HARRISBURG, Pa. (WHTM) — Should Pennsylvania get rid of ballot drop boxes? There’s an effort to do that in the Republican-led state legislature.
On Wednesday the state Senate passed a bill to do just that along party lines with a vote of 29 to 20.
Democrats say it would disenfranchise voters.
The passage of the bill, applauded by Republicans would make it so mail-in ballots that are not returned in the mail must be hand-delivered to an employee at the county board of elections office.
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“We showed during the hearings that the drop boxes can’t be secure,” said Sen. Cris Dush.
Dush penned the bill and pointed to a video from Lehigh County as proof of people *illegally submitting multiple ballots at a time.
“The video that was reviewed there 288 Extra ballots that were in the box with no designated authorization forms or anything else associated with them,” Dush said.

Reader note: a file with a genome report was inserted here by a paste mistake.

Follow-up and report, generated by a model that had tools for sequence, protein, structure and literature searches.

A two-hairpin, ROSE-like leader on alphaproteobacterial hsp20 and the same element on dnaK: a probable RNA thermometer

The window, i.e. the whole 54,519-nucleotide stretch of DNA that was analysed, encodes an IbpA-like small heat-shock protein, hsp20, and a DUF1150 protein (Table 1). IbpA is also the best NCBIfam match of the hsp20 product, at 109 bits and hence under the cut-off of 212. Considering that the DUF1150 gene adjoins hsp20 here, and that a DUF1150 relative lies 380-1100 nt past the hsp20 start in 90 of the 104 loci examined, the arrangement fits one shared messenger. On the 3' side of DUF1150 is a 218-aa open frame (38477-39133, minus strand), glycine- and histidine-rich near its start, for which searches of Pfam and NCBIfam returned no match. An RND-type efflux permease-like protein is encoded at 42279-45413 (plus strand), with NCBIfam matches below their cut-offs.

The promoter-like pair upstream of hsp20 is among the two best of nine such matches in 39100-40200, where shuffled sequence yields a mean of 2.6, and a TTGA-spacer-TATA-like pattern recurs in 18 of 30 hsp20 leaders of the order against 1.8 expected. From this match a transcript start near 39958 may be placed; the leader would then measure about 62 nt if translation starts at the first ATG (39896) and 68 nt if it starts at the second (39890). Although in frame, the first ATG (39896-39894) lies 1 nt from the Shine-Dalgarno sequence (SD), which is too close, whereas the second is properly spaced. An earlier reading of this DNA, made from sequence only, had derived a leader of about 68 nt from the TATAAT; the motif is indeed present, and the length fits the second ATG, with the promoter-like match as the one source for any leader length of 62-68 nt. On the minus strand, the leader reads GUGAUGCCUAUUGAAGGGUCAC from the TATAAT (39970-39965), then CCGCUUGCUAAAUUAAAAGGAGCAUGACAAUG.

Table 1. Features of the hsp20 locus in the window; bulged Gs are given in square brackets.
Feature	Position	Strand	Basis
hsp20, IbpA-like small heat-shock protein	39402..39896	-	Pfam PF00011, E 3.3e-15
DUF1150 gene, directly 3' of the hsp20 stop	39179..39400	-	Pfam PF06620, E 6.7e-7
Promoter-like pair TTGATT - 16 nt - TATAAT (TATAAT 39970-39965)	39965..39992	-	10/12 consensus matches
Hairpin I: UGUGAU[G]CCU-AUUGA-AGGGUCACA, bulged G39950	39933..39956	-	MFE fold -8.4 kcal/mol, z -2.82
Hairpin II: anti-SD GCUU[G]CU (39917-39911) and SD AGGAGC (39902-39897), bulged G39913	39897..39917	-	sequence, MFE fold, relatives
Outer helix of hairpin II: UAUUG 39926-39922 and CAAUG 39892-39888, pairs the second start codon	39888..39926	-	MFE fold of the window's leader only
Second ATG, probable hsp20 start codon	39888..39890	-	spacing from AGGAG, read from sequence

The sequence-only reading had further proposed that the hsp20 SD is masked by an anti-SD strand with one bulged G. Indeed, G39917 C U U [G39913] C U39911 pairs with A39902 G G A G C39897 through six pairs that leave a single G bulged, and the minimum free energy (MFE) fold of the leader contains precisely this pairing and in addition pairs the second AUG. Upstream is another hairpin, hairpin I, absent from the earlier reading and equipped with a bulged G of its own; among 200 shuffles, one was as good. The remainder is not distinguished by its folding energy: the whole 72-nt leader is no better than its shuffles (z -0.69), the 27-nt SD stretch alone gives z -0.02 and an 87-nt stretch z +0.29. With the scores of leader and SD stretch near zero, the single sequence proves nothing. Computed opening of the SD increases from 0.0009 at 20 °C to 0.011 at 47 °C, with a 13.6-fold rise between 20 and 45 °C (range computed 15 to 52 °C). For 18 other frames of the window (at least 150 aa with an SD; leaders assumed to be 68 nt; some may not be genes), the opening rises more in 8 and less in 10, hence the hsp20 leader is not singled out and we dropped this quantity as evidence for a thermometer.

Dush argues Pennsylvania’s Supreme Court, which allowed dropboxes, overstepped its bounds.
“We’ve got a problem with a lack of confidence on the part of the people got a problem with something that can definitely be utilized to do ballot stuffing. This is a legitimate issue,” Dush said.
Democratic state Sen. Sharif Street says this is a non-issue.
“This seems like people were trying to, they have they’ve come up with a solution. Now they’re trying to find a problem to fit their solution,” Street said.
He’s worried the bill would make it more difficult for people to vote.
“If you mail it on time and it’s time-stamped, but it doesn’t arrive by 8:00 on election day, your vote’s not counted so this could result in massive disenfranchisement for people,” Street said.
Dush says if you’re responsible, you should have plenty of time to get it in early.
“The closest dropbox anybody has is right outside the door, on the wall or at the end of the sidewalk or at the end of their driveway,” Dush said.
“I am confident that this is the kind of legislation that the governor after thoroughly viewing it will realize should never become law in Pennsylvania,” Street said.
While she didn’t outright say he would veto the bill, a spokesperson for governor wolf says he rejects the claims that drop boxes are not secure or encourage fraud.
The bill now heads to the state House.